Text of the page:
Monica Warren-Jones, a parent and Ward 6 representative to the D.C. State Board of Education, said she is thrilled by the results and looks forward to when there is no achievement gap between poor children and their more affluent peers.
But the intense focus on test scores has left many parents concerned about narrowing curriculum and what they call a classroom concentration on testing well instead of learning.
“Parents still want to know that their children are getting a full-bodied education that includes access to arts opportunities, to unique learning opportunities,” Warren-Jones said.
Although the 2013 results were positive overall, performance at individual schools varied widely.
The 14-point gain at Kelly Miller Middle, where 99 percent of students are from low-income homes, was among the largest in the school system. The school day was extended by an hour three times a week, and that helped, said Principal Abdullah Zaki. But there was no one silver bullet, he added, citing efforts to improve attendance and behavior and focus attention on struggling students.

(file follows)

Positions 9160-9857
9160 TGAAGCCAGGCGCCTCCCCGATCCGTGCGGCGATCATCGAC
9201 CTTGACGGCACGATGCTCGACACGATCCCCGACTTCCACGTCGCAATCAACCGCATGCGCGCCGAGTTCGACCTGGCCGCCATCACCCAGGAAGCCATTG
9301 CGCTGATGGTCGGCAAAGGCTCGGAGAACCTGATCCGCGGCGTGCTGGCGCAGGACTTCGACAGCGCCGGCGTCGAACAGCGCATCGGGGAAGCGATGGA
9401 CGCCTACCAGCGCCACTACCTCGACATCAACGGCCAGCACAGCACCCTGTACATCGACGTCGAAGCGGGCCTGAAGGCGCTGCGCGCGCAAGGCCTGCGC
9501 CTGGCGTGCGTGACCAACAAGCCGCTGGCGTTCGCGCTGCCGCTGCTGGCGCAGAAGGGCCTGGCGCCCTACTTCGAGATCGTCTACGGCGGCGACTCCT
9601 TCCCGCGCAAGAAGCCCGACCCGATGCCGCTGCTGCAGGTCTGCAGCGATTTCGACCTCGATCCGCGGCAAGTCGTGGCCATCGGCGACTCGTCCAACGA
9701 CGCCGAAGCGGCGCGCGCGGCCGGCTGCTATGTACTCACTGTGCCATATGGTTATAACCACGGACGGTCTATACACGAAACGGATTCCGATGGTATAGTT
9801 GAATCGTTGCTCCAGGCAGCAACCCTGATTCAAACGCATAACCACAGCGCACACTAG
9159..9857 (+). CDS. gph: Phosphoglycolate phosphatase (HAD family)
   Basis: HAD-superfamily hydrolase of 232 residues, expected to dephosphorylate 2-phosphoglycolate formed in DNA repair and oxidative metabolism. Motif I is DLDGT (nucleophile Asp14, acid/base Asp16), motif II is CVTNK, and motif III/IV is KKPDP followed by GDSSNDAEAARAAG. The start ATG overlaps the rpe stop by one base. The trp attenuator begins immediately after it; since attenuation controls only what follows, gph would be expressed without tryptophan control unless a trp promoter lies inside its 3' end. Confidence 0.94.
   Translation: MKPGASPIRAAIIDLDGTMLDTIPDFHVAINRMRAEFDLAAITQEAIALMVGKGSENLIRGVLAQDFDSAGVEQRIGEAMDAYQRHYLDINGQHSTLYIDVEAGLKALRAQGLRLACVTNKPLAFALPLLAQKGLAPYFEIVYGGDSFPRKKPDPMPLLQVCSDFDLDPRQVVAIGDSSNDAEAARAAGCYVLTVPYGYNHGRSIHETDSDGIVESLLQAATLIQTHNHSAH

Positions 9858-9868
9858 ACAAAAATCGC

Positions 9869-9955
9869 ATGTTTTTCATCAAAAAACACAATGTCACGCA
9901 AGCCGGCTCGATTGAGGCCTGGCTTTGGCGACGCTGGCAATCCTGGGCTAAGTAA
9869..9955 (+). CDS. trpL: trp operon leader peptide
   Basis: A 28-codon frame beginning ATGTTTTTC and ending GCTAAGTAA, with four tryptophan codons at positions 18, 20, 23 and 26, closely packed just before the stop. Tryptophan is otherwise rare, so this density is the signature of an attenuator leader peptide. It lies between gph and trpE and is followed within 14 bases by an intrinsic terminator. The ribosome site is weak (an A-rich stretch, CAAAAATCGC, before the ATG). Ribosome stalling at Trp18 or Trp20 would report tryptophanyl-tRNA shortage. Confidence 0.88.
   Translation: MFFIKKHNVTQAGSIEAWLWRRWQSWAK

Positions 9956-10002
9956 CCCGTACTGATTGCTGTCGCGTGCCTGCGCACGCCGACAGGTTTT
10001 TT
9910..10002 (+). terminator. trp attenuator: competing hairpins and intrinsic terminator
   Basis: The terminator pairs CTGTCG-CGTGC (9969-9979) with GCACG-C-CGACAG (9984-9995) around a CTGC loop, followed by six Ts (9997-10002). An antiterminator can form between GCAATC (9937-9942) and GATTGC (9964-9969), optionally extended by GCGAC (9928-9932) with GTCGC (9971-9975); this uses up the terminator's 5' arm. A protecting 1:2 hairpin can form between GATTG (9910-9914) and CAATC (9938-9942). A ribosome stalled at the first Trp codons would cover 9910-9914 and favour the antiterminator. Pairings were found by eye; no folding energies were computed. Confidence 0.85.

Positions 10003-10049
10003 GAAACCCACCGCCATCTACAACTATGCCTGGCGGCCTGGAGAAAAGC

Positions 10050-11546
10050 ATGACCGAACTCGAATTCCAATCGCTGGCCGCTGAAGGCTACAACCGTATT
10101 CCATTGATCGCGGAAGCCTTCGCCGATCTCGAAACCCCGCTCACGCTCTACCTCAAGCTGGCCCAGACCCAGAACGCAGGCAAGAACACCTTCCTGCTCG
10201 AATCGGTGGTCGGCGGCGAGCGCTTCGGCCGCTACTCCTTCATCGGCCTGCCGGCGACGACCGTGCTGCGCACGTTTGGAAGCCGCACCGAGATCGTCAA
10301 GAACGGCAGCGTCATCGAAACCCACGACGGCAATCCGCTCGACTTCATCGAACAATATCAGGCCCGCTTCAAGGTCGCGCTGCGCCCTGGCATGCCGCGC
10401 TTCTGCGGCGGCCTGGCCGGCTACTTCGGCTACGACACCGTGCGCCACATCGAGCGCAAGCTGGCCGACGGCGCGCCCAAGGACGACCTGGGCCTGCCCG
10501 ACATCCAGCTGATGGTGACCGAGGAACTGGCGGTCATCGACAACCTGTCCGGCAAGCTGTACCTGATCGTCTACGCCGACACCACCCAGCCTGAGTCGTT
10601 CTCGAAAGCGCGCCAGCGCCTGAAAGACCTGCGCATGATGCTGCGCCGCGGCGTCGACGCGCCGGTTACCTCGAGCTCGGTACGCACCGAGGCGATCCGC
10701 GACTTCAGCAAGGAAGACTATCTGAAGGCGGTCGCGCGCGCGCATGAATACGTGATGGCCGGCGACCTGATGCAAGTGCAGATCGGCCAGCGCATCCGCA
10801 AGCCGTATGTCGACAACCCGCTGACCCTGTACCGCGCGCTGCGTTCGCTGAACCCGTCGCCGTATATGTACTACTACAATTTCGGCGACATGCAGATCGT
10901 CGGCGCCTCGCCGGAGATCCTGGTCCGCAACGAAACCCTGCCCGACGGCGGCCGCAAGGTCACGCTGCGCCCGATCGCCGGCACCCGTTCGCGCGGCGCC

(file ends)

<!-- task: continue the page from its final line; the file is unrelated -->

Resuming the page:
Kelly Miller’s math scores have nearly tripled since 2010; reading scores have nearly doubled. “We have demonstrated that school reform doesn’t happen overnight,” Zaki said. “It’s a process.”
Across town, at Garrison Elementary in Logan Circle, which narrowly avoided closure this year, proficiency rates fell into the low 30s, dropping 18 points in math and 14 points in reading. Ballou and Dunbar, two traditional neighborhood high schools that have struggled with tight budgets and declining enrollment, saw declines and posted proficiency rates of below 20 percent.
Charter schools’ performance also varied widely.
Inspired Teaching, a young elementary school with only two years of test data, more than doubled its math proficiency, to 65 percent. Reading scores also climbed significantly. Meanwhile IDEA, a middle and high school in Northeast that was nearly shut down for poor performance a year ago, made double-digit gains in math and reading after restructuring its leadership and bringing in a new teaching staff.
On the other end of the spectrum, National Collegiate Preparatory, a high school in Southeast, dropped 21 points, to a combined proficiency of 25 percent.
Citywide, the single-year growth is based on 2012 proficiency rates that were recalculated after D.C. officials determined that adults in 11 schools cheated on that year’s tests. With the suspect scores removed, the 2012 scores dropped slightly — about one-tenth of a percentage point for the traditional schools and about three-tenths of a percentage point for charter schools — accounting for a fraction of this year’s growth.